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Thursday, February 19, 2009

Made in America

“I’ve been wanting to purchase new dishes . . . new stainless steel pots and pans . . . new . . . and I want to buy ones made in America. It seems everything I look at was made by our friends in China . . . Malaysia . . . Pakistan . . . Mexico . . . Is there a list somewhere of products made in the United States?” This is a question even asked by members of the Newton Falls Public Library staff who wish to support local industries.

There are strict standards which must be met in order for a company to claim that their product was ‘made in the USA.’ According to the Federal Trade Commission’s Facts for Business [], “For a product to be called Made in USA, or claimed to be of domestic origin without qualifications or limits on the claim, the product must be ‘all or virtually all’ made in the U.S. The term ‘United States’ as referred to in the Enforcement Policy Statement, includes the 50 states, the District of Columbia, and the U.S. territories and possessions.” It is very interesting to read this document in full, as it alerts consumers about the different ways manufacturers can imply domestic origins, including general terms such as “created in.”

As companies are bought and sold, and production locations are moved; it is often difficult for a consumer to find a product’s country of origin. Congress has attempted to deal with this on different occasions. During the 106th Congress (1999-2000), Rep. James Traficant co-sponsored a bi-partisan bill, H.R. 754: Made in America Information Act, to establish a toll-free phone number to assist consumers in determining if a product was made in the United States. He reintroduced it during the next session as H.R. 725. There was also a similar bill in 1994, H.R. 3342. All three bills were passed in the House of Representatives and were referred to Senate committees, but never became law.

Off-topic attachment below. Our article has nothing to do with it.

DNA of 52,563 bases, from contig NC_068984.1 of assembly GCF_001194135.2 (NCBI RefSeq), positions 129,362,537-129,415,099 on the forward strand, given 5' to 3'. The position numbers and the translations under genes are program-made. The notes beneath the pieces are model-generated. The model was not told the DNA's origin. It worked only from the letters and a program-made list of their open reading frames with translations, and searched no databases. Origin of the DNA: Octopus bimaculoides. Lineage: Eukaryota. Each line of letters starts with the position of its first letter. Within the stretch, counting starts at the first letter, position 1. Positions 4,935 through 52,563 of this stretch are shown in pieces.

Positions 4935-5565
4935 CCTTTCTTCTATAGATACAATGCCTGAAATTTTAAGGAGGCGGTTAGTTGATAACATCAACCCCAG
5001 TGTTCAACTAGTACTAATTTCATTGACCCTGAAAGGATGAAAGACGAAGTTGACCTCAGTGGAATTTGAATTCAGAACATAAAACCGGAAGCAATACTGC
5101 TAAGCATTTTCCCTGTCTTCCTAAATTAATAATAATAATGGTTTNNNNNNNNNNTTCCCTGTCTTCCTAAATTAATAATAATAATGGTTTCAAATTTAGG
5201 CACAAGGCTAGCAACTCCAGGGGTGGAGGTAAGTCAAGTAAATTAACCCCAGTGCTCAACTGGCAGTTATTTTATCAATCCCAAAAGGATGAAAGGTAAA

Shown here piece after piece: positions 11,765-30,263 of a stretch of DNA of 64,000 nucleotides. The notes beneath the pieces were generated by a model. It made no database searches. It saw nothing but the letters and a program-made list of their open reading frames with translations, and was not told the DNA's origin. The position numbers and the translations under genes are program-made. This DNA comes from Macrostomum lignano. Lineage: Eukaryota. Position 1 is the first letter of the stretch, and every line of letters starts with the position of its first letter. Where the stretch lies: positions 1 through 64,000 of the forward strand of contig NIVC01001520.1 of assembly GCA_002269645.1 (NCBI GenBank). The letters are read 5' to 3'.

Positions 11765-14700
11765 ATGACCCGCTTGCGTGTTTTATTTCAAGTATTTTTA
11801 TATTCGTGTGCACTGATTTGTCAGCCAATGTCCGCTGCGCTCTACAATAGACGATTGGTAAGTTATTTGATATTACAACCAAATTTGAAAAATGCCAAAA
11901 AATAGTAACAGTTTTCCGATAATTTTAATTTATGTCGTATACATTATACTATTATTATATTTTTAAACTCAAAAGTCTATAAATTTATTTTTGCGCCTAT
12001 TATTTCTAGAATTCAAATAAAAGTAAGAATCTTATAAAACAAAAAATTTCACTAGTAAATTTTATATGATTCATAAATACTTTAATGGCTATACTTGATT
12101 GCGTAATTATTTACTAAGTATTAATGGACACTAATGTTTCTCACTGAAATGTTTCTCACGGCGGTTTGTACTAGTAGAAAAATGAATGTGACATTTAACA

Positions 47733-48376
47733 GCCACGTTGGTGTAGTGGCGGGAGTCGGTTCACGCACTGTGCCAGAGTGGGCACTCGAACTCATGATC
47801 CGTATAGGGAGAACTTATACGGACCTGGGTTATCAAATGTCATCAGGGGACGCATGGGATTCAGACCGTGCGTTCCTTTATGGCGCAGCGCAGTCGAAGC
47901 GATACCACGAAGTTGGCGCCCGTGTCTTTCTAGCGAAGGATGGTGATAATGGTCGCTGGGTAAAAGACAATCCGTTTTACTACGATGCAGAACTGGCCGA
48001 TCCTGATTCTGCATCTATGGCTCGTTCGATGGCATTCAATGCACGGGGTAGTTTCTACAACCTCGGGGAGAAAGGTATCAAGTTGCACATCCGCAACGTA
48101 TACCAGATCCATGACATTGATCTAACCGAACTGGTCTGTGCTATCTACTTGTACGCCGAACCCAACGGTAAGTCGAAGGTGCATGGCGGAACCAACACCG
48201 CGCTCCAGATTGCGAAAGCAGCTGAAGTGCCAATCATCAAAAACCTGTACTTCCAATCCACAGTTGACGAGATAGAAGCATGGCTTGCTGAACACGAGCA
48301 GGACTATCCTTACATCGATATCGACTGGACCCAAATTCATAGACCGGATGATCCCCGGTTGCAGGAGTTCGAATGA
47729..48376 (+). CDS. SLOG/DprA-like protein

There are many websites which offer listings of companies who manufacture products in the United States. This is only a sampling of all the sites and companies producing in the United States: Americans At Work [], lists by product types, includes links to the companies’ homepages, and says they check to confirm that the listings are valid; at Made In USA [], users also submit products to the website; Shop For America [] is an e-commerce site; Still Made in USA [] gives very detailed information including what accessories may be imported; and US Stuff [] suggests that the consumer should double check everything, as sometimes a company formerly manufacturing in America moves production.

The company websites are also useful tools including a description and history of the company. It is also good to closely check the actual product you are considering for purchase, reading all labels and packaging, as some companies have products both foreign and domestically made.

Back to the initial questions about dishes and stainless steel cookware. Some of the American companies which still manufacture dishes are Hartstone Pottery, The Homer Laughlin Company which is famous for its Fiesta dishware, Niagara China, and Pickard China which over the years has manufactured official china for U. S. embassies, Blair House, Camp David and Air Force One. All-Clad Cookware, Diamond Craft, Kitchen Craft Cookware, and Lifetime Cookware are some of the American stainless steel pan manufacturers.

There used to be a television show on the Travel Channel [], John Ratzenberger’s Made in America. Each week an American-made product was featured.

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